Lukashenko’s pettifogging description of Wagner Group’s turnaround as part of a “regular rotation for this kind of war,” was matched by Putin’s glib depiction of the bedlam forcing the frantic deal as a benign process that: “took time, including to give those who made a mistake time to think again, to understand that their actions are resolutely rejected by society.” Both sound like Mafia dons promising on the souls of their grandchildren to “make nice.” Such a facade fails to obscure the violence and bungling that brought the situation into being, just as it highlights the disaster by its sheer ineptitude.
Russia today is not the Soviet Union, nor is it Tsarist Russia. It is a resource-rich but economically impoverished, demographically challenged, authoritarian mish-mash of 100 nationalities and 89 sub-national jurisdictions including 21 ethnic republics, 10 autonomous regions, six territories, and 89 oblasts (provinces). On the west it faces the European Union, an economic and military powerhouse. On the south is the sectarian chaos of the Middle East and Central Asia. A technologically burgeoning India looms as another super-power in competition with China, and the “Asian Tigers,” focused intently on Siberia’s abundant oil and natural gas. And beyond these is the United States.
Putin is supreme commander of Russian military forces and its 5,889 nuclear warheads, more than any other nation possesses and whose use he regularly threatens. But there are at least two other war lords in Russia. Prigozhin’s private army is said to be financed by Syrian ISIS oil production and gold and diamond mines in the Central African Republic and Sudan, and now, supposedly, by the Russian military.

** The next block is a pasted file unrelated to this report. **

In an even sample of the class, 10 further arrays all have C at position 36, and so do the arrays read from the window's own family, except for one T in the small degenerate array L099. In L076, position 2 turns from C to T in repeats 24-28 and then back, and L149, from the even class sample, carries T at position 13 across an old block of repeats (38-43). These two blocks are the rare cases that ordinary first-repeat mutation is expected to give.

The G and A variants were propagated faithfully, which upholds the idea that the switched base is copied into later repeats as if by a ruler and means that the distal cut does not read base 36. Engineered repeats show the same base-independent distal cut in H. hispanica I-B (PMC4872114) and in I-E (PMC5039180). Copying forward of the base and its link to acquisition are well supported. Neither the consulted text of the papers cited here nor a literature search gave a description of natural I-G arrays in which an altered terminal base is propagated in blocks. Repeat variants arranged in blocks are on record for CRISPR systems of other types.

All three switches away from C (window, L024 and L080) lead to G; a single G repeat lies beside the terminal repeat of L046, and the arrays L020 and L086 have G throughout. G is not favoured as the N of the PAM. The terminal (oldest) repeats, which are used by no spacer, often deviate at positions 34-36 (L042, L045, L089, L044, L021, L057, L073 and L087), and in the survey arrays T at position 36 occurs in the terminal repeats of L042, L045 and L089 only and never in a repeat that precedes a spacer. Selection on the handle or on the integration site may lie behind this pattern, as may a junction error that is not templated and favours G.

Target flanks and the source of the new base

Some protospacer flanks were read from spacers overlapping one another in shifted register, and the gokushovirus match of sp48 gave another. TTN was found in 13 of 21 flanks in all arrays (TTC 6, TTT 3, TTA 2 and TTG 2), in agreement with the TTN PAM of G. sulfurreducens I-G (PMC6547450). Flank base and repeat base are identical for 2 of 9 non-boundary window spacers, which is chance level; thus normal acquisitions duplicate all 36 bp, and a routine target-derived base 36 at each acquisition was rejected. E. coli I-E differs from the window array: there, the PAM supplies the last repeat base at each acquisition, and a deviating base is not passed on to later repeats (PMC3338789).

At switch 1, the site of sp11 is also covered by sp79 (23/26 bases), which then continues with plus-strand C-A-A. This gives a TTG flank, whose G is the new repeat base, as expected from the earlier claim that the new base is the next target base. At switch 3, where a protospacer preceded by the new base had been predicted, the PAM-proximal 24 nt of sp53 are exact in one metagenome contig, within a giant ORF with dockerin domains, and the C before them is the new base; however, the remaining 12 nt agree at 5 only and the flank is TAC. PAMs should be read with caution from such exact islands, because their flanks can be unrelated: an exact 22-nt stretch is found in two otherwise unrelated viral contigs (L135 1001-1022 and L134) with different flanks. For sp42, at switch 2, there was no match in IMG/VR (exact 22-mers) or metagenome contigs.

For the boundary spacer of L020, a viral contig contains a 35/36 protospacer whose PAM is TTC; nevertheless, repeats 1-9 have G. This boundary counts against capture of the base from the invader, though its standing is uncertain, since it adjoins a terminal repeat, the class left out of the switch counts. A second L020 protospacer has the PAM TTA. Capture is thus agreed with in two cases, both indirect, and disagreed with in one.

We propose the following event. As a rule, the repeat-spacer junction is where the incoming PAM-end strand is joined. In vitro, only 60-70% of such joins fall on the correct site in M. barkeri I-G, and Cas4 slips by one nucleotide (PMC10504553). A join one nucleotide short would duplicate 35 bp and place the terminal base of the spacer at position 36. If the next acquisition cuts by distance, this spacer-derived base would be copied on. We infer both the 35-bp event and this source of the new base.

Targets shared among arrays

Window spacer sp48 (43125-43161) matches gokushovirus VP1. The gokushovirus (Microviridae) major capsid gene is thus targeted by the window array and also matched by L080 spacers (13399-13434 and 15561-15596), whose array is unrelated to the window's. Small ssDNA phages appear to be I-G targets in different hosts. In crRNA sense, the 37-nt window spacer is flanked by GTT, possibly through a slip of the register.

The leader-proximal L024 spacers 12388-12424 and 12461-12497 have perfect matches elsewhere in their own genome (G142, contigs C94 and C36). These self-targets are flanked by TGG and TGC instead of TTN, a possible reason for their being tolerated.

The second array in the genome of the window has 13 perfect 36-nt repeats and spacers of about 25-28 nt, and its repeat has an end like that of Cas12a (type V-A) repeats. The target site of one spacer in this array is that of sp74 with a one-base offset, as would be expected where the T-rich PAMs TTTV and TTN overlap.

The 141st Special Motorized Unit, the Akhmat special force unit, Vostok Battalion and Chechen Death Battalion (all also called Kadyrovites) are controlled by Ramzan Kadyrov, head of the Chechen Republic (one of the 21 ethnic republics mentioned above). The Akhmat unit has replaced the Wagner Group in Bakhmut, and Chechen forces are said to serve as “blocking” groups to prevent Russian soldiers from retreating by shooting them. Historically Kadyrov has financed operations through blackmail, fraud, ransom, and protection, plus income from the Russian federal government and Syrian ISIS oil. As far as we know, there has been only one major mutiny among them—Prigozhin’s.
But Griogory Potemkin’s name is also fatefully associated with Serge Eisenstein’s 1925 production of Battlership Potemkin, a classic film depicting the 1905 mutiny on the Russian battleship in the Black Sea Fleet. Eisenstein focused on the crew’s successful overthrow of the ship’s brutal Tsarist officers and the support given by residents of the Russian/Ukrainian port of Odessa. Highlights are the massacre by Tsarist Cossacks of men, women, and children on the Odessa Steps, the historic gateway to the city. The film ends with Potemkin flying the red flag of revolution as it passes triumphantly through a cheering Black Sea Fleet.
That ending is wishful thinking, a cinematic Potemkin village. All but one other vessel in the fleet turned against the mutineers who were forced to seek asylum in Romania and scuttled the ship. Churchill’s riddling, enigmatic mystery has now become a monstrous, tottering Potemkin village, threatening chaos and cataclysm. Another mutiny may be the pebble that causes the fatal avalanche. What then?